Exactly, but while the PC militants continue hijacking our course and speak as our non-elected “leaders” we’ll never gain full acceptance by the mainstream, who’ll continue to parody us thus:-

    http://www.theonion.com/articles/gaypride-parade-sets-mainstream-acceptance-of-gays,351/

    1. Robert in S. Kensington 14 May 2013, 3:09pm

      If it weren’t for those ‘militants’ as you call them, there would be NO gay rights anywhere and you wouldn’t be able to visit a site such as this because it would probably never have existed. If it weren’t for drag queens and othersat the Stonewall bar in the 60s, it would probably still be illegal to be gay in the UK. Ellis would not be able to have come out either because there was just as much stigma and illegality in the U.S. Ellis’ comments are irresponsible and only fuel right wing bigots and homophobes. He’d be the darling of C4M et al. They want us to shut up, stay in the closet and disappear. Bigots DO care that we’re out and they DO care that we should be denied full equality. The opposition to equal marriage is overwhelming proof of that. No thanks!

      1. If it weren’t for the militants, Rob, who parodied and stereotyped the gay lifestyle in order to demand attention post Stonewall riots, same-sex attracted people may never have had to fight as hard as they did for equal rights in the first place.

        That is the very point The Onion made a few years ago:-

        http://www.theonion.com/articles/gaypride-parade-sets-mainstream-acceptance-of-gays,351/

        That’s also the point that the Guardian commentator makes in my post above.

        How could gay people hope to attain the rights they had to fight so hard for amid a backdrop of “Pride” that often defined itself in the most degrading and alienating of ways possible?

        It was a long hard fight because of this false and shallow representation of what most gay people stood for, and without which we’d arguably have attained respect and equality far sooner.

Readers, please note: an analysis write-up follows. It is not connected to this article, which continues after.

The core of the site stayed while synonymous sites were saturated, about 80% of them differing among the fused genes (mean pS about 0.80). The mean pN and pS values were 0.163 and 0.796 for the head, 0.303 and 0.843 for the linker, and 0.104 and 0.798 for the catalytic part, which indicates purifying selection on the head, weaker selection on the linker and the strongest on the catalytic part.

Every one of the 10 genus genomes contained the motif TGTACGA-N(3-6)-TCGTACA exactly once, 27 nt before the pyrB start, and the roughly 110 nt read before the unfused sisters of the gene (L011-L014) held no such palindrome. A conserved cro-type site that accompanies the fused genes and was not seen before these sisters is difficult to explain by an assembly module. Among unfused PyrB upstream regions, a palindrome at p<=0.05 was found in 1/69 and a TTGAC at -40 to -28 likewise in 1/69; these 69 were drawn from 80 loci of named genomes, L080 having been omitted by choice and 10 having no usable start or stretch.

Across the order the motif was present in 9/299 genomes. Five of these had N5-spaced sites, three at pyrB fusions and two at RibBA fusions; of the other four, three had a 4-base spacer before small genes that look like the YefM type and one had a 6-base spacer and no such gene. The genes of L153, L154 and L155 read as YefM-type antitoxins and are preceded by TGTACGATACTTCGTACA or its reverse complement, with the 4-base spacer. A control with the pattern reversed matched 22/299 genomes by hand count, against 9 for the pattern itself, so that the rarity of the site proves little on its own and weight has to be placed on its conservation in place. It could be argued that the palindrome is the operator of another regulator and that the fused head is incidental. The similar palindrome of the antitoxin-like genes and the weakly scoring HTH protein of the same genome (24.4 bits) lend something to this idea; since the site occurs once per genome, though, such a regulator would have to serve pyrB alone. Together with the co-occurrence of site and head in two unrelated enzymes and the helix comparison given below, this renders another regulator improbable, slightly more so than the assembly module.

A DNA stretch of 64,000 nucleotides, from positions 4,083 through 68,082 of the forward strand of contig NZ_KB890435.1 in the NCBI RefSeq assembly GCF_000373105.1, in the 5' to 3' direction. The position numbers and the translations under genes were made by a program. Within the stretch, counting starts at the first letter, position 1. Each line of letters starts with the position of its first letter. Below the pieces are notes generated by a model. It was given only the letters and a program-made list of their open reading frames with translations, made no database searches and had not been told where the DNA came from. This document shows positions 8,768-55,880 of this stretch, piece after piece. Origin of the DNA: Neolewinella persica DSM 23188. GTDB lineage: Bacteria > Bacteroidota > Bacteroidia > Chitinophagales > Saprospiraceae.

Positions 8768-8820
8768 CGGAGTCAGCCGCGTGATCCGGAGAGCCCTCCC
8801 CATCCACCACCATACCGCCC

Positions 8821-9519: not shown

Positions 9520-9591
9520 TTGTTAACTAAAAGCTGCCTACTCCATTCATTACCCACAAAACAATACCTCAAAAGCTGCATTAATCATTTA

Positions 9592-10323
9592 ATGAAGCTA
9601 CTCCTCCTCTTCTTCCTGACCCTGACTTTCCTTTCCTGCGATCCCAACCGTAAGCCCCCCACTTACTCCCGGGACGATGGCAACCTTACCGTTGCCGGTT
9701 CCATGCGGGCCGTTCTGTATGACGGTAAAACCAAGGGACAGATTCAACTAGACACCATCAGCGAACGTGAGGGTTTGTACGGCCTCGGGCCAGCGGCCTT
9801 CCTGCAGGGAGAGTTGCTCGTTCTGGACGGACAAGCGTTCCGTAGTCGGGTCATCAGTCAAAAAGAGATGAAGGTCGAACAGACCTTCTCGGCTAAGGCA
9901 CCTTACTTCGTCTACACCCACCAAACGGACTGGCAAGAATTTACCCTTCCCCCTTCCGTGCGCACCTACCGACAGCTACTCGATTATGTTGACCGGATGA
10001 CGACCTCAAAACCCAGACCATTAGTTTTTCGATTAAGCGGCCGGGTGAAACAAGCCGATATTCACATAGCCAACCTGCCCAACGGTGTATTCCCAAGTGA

It’s only in recent years, as those overt representations of gay life have diminished from public view, that most of those rights were won.

        1. Flaw 1: Circular reasoning: You claim the tactics of Pride set gay rights back in the past and use that claim to support those tactics being harmful now. Conversely you use an opinion piece that names a mere three individuals reacting to present-day pride events as ‘evidence’ of the harm of Pride tactics to support your first claim.

          Flaw 2: Whether present day Pride events do more harm than good does not give us data about the social impact of past events of the type.

          Flaw 3: Three cherry picked views out of how many tens of thousands attending pride is not a statistically meaningful sample by any reckoning.

          Flaw 4: You have provided no scientific basis for suggesting the publicity of Pride has any significant negative sociological impact (then or now), nor explained how that negativity cancels out the positive impact traditionally assumed.

          Flaw 5: You assume the same militants are only capable of using this one tactic, and thereby condemn them for their effort

        2. The comments I highlighted from The Guardian forum on this news story received by far the highest votes in the entire thread, so their views bike with popular opinion.

          I can only assume you are one of these politically motivated militants whose days are numbered and so you will clasp at straws to try and defend and validate your perceived self-appointed right to define what living a gay lifestyle should be about.

          Do close the door on the way out, there’s a good chap:- there’s an awful back draft blowing a foul stench around these parts…

          1. Midnighter 15 May 2013, 5:54pm